Looking forward, new principles of international cooperation seem to be emerging with the rising powers. Looking at Brazil and Venezuela’s engagement in Caribbean countries, Bethany Tasker, UCL, found that the rhetoric around new principles of solidarity, respect for sovereignty, mutual benefit and partnership was generally believed and seen in South-South cooperation on the ground, even though frustration could emerge in instances where these principles were not met. Similarly, in Chinese cooperation with Tanzania, Xiuli Xu, China Agricultural University found a new paradigm of South-South cooperation based on mutual learning and sharing of development experiences.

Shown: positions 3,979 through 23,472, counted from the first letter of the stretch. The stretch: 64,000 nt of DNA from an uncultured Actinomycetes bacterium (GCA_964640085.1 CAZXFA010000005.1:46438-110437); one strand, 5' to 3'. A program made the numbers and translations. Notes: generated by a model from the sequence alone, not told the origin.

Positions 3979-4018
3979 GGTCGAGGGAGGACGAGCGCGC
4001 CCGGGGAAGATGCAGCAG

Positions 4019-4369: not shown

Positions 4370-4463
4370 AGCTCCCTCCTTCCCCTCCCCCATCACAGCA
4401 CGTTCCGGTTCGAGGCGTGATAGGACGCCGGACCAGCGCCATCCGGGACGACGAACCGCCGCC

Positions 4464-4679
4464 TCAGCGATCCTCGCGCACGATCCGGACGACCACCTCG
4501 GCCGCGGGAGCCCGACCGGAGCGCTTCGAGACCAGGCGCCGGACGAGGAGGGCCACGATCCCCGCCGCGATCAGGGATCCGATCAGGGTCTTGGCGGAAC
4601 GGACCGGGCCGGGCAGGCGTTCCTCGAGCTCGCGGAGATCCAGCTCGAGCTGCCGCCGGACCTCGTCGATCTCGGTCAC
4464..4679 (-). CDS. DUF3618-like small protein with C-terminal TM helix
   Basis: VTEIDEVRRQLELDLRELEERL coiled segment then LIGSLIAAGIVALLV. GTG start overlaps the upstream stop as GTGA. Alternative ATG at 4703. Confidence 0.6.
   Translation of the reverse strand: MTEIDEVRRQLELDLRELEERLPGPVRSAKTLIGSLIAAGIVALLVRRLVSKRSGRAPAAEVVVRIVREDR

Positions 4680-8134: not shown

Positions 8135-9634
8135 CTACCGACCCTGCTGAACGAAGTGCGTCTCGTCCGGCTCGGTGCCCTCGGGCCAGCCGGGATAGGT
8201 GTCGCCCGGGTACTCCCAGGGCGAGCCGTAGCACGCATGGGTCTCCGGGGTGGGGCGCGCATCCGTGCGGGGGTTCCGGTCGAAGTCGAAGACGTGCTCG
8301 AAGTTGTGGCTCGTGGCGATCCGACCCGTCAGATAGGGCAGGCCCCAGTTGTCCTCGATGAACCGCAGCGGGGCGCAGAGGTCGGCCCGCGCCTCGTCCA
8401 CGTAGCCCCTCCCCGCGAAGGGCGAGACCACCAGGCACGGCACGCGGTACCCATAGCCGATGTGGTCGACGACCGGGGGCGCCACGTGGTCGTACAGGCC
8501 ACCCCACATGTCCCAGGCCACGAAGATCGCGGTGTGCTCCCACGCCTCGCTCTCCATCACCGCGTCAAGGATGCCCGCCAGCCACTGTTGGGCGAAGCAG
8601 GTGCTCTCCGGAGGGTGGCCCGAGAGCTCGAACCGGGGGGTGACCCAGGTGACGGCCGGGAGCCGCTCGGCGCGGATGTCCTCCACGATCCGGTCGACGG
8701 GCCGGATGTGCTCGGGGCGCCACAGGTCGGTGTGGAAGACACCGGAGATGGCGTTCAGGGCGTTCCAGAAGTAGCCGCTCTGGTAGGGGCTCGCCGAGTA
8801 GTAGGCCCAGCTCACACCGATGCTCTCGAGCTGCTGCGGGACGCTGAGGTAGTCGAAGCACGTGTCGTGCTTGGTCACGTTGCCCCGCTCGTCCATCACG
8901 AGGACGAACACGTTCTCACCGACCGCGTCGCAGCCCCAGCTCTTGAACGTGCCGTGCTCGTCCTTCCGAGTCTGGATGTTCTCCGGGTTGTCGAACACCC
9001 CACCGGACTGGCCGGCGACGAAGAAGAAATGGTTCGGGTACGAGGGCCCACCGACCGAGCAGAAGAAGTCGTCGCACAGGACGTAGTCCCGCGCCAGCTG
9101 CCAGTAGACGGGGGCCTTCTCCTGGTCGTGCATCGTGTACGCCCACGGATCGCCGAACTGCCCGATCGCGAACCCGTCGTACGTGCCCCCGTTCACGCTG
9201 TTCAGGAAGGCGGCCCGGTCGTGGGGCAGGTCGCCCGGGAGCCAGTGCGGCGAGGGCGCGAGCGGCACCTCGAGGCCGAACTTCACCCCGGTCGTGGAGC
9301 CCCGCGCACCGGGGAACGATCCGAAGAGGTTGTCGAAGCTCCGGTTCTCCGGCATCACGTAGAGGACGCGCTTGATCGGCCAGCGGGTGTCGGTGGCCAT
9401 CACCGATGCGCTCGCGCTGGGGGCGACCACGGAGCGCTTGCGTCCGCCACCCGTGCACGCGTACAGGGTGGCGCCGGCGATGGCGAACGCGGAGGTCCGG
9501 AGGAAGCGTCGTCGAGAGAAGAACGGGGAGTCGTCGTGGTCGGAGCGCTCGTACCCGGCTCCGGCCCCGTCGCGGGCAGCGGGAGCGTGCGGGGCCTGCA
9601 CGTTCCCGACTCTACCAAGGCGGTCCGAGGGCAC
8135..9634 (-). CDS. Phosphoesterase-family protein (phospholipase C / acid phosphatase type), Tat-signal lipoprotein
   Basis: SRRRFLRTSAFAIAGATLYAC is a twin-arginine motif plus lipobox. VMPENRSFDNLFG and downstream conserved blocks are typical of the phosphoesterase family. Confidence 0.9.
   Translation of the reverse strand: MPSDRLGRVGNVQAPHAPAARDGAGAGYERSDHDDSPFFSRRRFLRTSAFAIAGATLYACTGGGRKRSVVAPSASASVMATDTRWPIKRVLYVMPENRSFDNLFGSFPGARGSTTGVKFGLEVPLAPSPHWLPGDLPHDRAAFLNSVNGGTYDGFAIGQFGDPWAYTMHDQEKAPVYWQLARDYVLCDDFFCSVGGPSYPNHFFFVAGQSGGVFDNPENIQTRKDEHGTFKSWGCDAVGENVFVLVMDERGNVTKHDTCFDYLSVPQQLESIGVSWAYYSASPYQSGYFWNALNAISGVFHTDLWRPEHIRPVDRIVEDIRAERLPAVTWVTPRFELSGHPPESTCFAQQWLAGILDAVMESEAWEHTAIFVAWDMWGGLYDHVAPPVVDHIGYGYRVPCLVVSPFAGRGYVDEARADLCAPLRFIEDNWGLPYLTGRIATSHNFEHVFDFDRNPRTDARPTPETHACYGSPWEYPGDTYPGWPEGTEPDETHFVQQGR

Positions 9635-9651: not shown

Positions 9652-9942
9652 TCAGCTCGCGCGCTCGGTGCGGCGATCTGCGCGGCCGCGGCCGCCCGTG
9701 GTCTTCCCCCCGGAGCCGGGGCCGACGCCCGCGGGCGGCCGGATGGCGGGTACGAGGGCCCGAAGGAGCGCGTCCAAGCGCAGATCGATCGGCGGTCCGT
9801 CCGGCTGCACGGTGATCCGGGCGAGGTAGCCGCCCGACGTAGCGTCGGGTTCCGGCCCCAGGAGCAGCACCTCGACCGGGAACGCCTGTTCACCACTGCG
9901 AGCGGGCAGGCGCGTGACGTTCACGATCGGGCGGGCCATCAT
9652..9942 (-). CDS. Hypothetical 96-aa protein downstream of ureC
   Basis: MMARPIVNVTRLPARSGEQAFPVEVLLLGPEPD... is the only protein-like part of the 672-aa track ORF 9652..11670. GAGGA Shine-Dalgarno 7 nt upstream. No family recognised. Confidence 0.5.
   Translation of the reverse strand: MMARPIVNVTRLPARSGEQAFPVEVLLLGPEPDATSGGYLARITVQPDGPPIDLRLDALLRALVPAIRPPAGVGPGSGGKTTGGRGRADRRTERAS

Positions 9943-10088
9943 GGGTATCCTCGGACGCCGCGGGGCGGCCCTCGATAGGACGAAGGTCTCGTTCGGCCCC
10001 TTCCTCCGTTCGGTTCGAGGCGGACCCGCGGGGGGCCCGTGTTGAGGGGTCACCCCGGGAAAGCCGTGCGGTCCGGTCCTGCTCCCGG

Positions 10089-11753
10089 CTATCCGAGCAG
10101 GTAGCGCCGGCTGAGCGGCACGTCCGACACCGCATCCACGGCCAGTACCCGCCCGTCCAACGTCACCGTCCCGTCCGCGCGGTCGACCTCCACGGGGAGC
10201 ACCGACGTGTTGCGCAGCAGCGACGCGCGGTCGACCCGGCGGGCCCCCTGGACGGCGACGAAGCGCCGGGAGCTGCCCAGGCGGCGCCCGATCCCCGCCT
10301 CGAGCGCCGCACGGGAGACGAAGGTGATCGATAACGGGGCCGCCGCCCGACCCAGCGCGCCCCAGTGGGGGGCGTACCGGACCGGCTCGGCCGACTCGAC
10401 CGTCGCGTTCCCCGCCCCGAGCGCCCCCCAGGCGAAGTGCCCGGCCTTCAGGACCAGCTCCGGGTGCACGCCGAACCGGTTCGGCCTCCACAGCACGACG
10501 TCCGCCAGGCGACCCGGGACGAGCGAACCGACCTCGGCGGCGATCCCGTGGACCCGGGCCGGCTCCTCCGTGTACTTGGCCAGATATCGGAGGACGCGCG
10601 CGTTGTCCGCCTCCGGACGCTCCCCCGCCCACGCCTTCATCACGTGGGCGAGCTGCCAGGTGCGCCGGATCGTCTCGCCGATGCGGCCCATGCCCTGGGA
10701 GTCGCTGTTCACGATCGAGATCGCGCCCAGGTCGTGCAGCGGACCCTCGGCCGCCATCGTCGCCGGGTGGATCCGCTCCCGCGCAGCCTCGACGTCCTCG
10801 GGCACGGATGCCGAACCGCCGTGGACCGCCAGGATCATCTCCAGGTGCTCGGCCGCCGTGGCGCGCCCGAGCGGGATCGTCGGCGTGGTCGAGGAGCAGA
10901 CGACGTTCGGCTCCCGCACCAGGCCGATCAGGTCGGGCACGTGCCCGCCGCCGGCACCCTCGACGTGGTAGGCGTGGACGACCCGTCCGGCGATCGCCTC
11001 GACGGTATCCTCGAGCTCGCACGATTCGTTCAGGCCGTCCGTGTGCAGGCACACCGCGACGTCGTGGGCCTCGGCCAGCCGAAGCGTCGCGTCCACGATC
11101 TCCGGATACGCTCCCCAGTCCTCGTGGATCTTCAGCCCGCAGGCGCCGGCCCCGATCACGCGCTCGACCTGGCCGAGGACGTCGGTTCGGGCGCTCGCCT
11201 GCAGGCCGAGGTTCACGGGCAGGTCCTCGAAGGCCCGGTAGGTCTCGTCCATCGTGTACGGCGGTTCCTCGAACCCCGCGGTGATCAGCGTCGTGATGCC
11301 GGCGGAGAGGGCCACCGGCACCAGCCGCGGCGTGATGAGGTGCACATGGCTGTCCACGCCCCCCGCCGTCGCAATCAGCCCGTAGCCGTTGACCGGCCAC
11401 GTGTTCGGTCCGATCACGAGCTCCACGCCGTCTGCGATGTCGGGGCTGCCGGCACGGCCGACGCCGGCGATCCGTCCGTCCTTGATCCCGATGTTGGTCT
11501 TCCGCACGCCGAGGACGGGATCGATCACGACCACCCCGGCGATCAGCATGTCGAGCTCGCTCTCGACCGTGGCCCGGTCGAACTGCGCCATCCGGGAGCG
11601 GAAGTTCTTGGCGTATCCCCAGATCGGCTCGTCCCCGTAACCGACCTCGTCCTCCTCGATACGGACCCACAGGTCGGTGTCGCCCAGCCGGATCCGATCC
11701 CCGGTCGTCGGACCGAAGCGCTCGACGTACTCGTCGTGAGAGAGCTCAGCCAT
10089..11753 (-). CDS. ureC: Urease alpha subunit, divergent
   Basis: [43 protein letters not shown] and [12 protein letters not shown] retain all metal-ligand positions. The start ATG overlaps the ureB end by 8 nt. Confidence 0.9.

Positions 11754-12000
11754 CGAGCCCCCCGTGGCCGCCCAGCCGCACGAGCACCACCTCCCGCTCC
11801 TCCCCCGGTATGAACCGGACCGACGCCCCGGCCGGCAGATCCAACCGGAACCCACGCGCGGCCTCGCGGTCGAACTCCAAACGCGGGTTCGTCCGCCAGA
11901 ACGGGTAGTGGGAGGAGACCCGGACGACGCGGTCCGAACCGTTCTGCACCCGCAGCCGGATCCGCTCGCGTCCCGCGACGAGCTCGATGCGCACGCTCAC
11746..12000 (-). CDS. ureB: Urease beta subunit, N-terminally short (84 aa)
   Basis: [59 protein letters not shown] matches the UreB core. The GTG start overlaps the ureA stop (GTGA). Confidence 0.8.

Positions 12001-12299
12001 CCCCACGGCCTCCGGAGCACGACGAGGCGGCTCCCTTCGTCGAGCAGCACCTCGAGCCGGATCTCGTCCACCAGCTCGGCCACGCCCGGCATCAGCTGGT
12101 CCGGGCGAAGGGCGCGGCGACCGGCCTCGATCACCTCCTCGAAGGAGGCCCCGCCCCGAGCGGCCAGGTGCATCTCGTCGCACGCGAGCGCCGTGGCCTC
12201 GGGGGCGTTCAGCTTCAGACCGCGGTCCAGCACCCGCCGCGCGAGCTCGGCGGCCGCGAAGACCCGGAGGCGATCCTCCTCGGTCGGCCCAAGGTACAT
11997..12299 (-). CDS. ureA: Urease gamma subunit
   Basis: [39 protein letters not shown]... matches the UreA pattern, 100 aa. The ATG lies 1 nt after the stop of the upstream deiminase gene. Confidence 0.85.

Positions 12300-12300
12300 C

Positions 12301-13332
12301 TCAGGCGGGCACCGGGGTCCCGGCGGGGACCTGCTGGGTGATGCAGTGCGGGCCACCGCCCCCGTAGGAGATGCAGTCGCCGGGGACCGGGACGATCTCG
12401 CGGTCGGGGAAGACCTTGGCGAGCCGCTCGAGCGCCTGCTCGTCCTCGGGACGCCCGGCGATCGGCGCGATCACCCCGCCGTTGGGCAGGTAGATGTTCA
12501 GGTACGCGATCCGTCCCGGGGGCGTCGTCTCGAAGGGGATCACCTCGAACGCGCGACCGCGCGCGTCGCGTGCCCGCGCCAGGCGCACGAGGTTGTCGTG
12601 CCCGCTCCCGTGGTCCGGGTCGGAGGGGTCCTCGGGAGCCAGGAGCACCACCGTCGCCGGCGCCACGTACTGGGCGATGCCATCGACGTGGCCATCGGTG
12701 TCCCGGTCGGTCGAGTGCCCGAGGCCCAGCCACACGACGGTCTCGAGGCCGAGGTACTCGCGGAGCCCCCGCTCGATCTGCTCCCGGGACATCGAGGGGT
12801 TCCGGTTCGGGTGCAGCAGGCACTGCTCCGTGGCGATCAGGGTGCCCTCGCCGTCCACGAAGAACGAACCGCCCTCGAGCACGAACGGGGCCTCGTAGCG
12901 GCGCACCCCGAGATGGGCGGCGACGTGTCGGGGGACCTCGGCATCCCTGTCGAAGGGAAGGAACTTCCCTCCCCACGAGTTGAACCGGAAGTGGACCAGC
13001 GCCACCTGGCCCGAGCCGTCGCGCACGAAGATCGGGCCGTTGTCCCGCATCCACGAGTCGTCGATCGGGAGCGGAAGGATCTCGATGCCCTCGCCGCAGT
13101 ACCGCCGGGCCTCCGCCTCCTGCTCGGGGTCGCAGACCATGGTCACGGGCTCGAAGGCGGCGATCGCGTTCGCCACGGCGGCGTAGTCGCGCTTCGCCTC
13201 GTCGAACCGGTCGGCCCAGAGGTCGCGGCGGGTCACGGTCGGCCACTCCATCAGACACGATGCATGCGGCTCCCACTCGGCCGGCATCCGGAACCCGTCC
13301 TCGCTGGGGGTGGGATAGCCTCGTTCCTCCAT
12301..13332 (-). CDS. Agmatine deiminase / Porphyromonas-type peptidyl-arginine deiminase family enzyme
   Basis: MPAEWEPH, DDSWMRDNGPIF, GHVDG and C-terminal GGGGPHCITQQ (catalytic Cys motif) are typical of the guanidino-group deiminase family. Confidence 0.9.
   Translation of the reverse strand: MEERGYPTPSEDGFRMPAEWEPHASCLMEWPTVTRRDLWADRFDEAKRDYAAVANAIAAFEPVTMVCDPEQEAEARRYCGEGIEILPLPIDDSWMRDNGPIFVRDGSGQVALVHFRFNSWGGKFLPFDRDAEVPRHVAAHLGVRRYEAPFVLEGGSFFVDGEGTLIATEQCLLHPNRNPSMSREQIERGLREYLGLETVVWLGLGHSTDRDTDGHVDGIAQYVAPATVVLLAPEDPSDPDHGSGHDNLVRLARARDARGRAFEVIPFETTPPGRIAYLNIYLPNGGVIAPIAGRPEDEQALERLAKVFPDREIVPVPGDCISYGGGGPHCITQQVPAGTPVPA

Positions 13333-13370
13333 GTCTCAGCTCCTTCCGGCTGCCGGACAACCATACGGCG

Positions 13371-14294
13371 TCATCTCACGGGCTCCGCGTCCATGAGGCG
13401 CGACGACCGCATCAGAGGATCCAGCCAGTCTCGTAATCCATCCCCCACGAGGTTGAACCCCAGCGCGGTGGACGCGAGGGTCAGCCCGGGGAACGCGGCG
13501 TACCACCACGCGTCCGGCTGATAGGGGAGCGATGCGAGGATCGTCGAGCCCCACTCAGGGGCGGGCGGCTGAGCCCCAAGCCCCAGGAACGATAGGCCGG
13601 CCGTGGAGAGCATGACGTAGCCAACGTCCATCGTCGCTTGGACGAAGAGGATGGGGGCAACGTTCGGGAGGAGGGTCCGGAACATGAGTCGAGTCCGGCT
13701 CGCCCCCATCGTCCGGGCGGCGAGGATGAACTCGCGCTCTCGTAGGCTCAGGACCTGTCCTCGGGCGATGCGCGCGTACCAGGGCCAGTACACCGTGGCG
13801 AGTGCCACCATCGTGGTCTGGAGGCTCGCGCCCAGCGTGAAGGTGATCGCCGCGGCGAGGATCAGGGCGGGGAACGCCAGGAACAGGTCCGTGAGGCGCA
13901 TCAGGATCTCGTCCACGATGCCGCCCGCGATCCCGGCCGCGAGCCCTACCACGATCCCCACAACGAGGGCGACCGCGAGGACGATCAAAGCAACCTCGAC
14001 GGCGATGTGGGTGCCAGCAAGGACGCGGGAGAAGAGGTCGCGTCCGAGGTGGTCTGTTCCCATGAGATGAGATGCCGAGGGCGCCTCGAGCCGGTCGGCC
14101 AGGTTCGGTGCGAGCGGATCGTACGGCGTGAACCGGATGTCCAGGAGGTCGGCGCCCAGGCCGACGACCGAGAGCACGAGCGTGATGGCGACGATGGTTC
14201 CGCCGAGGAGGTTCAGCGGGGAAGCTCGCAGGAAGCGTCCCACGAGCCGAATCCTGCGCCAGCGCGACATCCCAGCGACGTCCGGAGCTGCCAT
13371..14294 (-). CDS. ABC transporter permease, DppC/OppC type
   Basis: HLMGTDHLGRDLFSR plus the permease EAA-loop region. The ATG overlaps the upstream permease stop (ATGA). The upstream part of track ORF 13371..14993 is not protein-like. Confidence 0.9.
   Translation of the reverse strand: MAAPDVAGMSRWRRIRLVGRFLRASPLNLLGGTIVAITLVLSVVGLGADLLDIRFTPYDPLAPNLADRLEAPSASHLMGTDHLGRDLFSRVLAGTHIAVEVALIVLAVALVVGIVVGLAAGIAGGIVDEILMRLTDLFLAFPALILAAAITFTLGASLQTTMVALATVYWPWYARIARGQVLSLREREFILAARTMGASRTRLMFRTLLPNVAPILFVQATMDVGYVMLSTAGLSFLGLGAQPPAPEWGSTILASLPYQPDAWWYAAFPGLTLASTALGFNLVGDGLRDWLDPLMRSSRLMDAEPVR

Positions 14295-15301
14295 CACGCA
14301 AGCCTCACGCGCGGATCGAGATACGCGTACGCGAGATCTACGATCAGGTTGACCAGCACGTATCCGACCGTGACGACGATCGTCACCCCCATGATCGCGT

However, despite these new principles of partnership, asymmetries between cooperation partners remain. Examples of these appeared in several presentations on China’s interactions with individual countries and with regional institutions on the African continent. On the one hand, Folashade Soule-Kohndou, Sciences Po Paris, discussed the challenges small African countries like Benin face in negotiations with China as a much larger partner and highlighted how and when smaller partners can nevertheless exert agency in such asymmetric relations. On the other hand, contributions from Georg Lammich, University Duisburg-Essen, and Han Cheng, Cambridge University, both highlighted a shift in China-Africa cooperation from the bilateral to the regional level, in particular through the African Union, potentially creating different types of asymmetries of country-to-continent cooperation.